The depth of defense ties between the UK and the Gulf states has been highlighted in figures released by the UK Ministry of Defense (MoD), which showed that Gulf cadets make up more than a third of international students in British Army Royal Military Academy Sandhurst (RMAS).
Information published on Parliament’s written answers on 24 November showed that of the 1,347 foreign cadets enrolled in RMAS from 2010-2023, a total of 505, or about 37%, were from the GCC states of Bahrain, Kuwait, Oman, Qatar, Saudi Arabia and the UAE .
The United Arab Emirates recorded its highest number of enlisted military officers, with 139 officers, followed by Qatar (120) and Bahrain (115). The Sultanate of Oman, which has particularly close ties to the UK, saw 93 people pass through RMAS from 2010-2023, followed at a distance by Kuwait (25) and Saudi Arabia (13).
No Saudi personnel have joined RMS Sandhurst since the class of 2018, a full five-year gap.
Other countries in the Middle East that sent personnel to Sandhurst were Iraq (53) and Jordan (55). RMA Sandhurst has also seen nine staff from ‘Palestine’ come through, with the latest batch (two) signed up in 2022, according to UK figures.
Including cadets from Jordan and Iraq, and Middle Eastern countries contribute 45% of the total number of overseas personnel who have passed through RMAS in the last 13 years.
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Middle East Cadets at RMAS from 2010-2023
|Number of students
In contrast, 55 US military personnel attended courses at RMAS during the reporting period, with 16 from Germany. From 2010-2017, 13 people from China also passed through Sandhurst, with none in the years since relations between East and West cooled.
Afghanistan was also a beneficiary, with 63 staff signing up between 2010-2022, as the UK sought to maintain its support for the Afghan government. In 2021, the Taliban took power in the country after a 20-year insurgency.
The last intake of Afghan students arrived at RMAS in September 2021, the same month that the Afghan capital Kabul fell to the Taliban. All Afghan cadets in training when Kabul fell to the Taliban in August 2021 remained in the UK, housed and under the responsibility of local authorities.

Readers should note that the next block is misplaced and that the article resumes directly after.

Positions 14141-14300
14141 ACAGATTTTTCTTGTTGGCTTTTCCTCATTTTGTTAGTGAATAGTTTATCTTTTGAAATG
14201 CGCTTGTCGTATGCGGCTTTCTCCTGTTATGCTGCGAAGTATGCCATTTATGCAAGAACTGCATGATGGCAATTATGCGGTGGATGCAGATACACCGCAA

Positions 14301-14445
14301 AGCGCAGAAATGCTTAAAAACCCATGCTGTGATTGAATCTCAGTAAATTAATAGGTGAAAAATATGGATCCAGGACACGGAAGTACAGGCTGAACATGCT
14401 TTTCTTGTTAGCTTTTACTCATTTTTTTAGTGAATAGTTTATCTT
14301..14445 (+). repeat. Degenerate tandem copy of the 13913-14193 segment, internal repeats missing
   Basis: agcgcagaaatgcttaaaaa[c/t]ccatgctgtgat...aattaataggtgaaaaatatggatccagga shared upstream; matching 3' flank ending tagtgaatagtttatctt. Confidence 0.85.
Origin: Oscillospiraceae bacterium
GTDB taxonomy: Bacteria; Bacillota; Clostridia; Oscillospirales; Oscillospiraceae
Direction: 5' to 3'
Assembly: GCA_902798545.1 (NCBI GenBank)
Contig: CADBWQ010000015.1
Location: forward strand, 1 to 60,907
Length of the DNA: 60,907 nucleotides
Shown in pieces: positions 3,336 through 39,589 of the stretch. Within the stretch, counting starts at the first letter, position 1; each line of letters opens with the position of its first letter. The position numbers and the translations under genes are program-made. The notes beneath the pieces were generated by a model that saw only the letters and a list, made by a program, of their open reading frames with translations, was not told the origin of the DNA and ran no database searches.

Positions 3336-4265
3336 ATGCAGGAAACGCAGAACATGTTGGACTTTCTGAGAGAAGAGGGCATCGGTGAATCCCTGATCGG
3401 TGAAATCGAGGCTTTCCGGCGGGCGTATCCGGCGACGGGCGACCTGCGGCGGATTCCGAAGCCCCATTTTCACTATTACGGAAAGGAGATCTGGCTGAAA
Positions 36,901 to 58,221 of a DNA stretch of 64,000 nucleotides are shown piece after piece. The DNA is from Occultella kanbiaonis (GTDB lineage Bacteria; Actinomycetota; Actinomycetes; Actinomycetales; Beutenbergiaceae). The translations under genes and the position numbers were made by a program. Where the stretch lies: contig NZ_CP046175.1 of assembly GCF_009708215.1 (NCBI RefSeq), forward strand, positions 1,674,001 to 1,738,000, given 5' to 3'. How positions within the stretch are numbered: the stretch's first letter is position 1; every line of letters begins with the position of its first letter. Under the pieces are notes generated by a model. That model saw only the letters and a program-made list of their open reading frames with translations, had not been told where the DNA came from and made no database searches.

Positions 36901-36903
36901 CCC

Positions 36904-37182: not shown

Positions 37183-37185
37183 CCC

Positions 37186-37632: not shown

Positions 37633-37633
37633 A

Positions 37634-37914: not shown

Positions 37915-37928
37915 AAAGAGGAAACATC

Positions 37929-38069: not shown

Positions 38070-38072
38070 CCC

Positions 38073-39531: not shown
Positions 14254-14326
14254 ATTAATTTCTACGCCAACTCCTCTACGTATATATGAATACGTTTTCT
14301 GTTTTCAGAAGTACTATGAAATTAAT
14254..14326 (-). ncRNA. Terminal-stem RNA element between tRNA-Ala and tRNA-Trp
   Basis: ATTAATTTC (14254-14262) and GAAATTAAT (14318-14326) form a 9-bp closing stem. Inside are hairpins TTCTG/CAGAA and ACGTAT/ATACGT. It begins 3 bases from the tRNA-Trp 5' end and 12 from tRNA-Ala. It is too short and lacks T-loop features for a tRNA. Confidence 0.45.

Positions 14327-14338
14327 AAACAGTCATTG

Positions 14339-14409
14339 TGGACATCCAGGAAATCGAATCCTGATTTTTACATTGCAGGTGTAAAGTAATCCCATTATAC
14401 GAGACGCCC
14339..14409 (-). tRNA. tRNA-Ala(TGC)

In response Army Technology, a British Army spokesman said: “Sandhurst has a long and proud tradition of training military and civilian personnel overseas. We welcome overseas staff attending Sandhurst, bringing with them unique skills and experiences.”
Officer training at Sandhurst sees cadets exposed to UK doctrine and trained in areas such as international humanitarian law and other conventions, as well as understanding the concepts of accountability, human rights and transparency.
Such courses serve to strengthen bilateral relations between the UK and its partners, potentially seeing ex-cadets take up positions of influence in their own militaries.
The British military presence in the Gulf
The UK maintains a significant military presence in some Gulf countries, with forces in the United Arab Emirates, Oman, Bahrain and Qatar. The small Gulf state of Bahrain is home to the United Kingdom Naval Support Activity to Mina Salmanwhich is the headquarters of the Royal Navy’s operations in the area and can accommodate several hundred personnel, with a number of minesweepers, logistics ships and general purpose frigate forward developed on the site.
Meanwhile, Qatar houses a number of international air forces at Al Udeid Air Base, with the UK’s No. 83 Expeditionary Air Group based at the site. The Group manages RAF operations across the Middle East, overseeing UK military forces deployed at RAFO Musannah in Oman, RAF Akrotiri in the eastern Mediterraneanand Al Minhad Air Base in the UAE.
The UK also operates a regional land hub at Duqm in Oman, which acts as the base of operations for the British military’s four-month exercises taking place in the Sultanate. Called the UK Joint Logistics Support Base, the site is within the boundaries of Al Duqm Port and Duqm Drydock and can also accommodate UK naval assets deployed in the area.
Read the original at Defence247.gr